North Carolina Department of Justice
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Prerecorded political robo calls must stop, says AG Cooper

Release date: 11/21/2006

Cooper wants to see calls covered by Do Not Call Registry, asks state party leaders to meet

Raleigh: North Carolinians should be able to put a stop to unwanted political prerecorded telemarketing calls, Attorney General Roy Cooper said today.

“The Do Not Call Registry ought to apply to these prerecorded political calls as well,” said Cooper. “People who’ve made it clear that they don’t want to get telemarketing calls should be free from these interruptions.”

Cooper helped push through the Do Not Call Registry in 2003 to help North Carolina consumers cut down on unwanted telemarketing calls. North Carolina consumers who join the Registry are protected by both state and federal laws, but those laws exclude political calls. Cooper would like to see prerecorded political calls covered by the Registry.

During the recent election campaigns, hundreds of consumers called Cooper’s office to complain about political “robo calls,” which are prerecorded telephone calls made by campaigns using automated dialers.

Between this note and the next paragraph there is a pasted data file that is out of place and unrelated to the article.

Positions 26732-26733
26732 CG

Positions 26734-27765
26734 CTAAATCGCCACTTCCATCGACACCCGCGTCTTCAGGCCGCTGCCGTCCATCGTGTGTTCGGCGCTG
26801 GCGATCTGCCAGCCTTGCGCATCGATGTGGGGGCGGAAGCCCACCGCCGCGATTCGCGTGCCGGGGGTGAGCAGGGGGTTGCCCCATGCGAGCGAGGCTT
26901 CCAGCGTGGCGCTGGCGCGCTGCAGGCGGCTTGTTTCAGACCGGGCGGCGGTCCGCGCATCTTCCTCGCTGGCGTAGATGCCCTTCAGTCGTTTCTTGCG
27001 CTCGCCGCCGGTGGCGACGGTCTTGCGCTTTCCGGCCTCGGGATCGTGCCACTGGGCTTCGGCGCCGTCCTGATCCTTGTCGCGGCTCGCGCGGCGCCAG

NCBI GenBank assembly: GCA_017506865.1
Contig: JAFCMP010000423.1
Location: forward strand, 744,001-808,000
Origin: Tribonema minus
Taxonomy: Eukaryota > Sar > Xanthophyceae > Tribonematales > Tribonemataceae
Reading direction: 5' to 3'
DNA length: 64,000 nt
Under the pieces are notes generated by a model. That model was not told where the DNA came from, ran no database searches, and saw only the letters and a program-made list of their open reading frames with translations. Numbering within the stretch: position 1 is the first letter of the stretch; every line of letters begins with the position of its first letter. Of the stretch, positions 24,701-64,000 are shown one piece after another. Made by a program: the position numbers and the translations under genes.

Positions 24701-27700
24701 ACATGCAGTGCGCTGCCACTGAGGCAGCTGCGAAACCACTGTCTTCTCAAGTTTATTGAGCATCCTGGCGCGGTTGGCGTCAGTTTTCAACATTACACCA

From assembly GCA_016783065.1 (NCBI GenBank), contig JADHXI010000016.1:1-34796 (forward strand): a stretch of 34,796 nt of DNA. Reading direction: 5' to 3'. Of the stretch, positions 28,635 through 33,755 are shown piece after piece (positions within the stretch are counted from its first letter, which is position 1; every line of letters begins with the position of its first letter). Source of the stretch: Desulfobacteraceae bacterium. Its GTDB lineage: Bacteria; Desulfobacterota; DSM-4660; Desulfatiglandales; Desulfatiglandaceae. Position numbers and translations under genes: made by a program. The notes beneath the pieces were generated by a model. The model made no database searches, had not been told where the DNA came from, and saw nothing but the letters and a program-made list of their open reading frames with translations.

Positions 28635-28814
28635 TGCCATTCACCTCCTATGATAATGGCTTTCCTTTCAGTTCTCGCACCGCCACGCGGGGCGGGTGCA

“People told us that the phone rang nonstop before the election,” said Cooper. “It’s frustrating to have your phone line tied up by these unwelcome interruptions, particularly when you’ve signed up for the Do Not Call Registry.”

Under state law, political campaigns making prerecorded calls are required to identify who is making the call, the nature of the call, and provide contact information for the group or campaign that makes the call. Cooper’s Consumer Protection Division today wrote to leaders of the state Democratic and Republican parties to ask them to meet to discuss these requirements and to look for ways to make sure that candidates follow the law.

“While we continue to evaluate the complaints we received, we trust you agree that a discussion of the requirements of North Carolina law and ways to educate candidates and campaigns about the law would be productive,” wrote Assistant Attorney General David Kirkman in the letter.

To protect themselves from unwanted commercial telemarketing calls, Cooper reminded North Carolinians that they can continue to sign up for the Do Not Call Registry. Close to 4 million North Carolina numbers have been placed on Registry since 2003. North Carolina consumers can add their home and mobile telephone numbers to the list by going to www.ncdoj.gov or calling 1-888-382-1222 from the number they wish to register.

To report telemarketers that break the law, consumers can call 1-877-5-NO-SCAM toll-free within the state or go to www.ncdoj.gov to fill out a Do Not Call complaint form. When filing a complaint about a telemarketer, consumers should provide their name and address, the date and approximate time of the call, their telephone number that the telemarketer called, and the company’s name and/or telephone number.

Cooper’s office has taken action against dozens of companies that have violated Do Not Call laws, winning settlements and judgments of nearly $1 million against violators.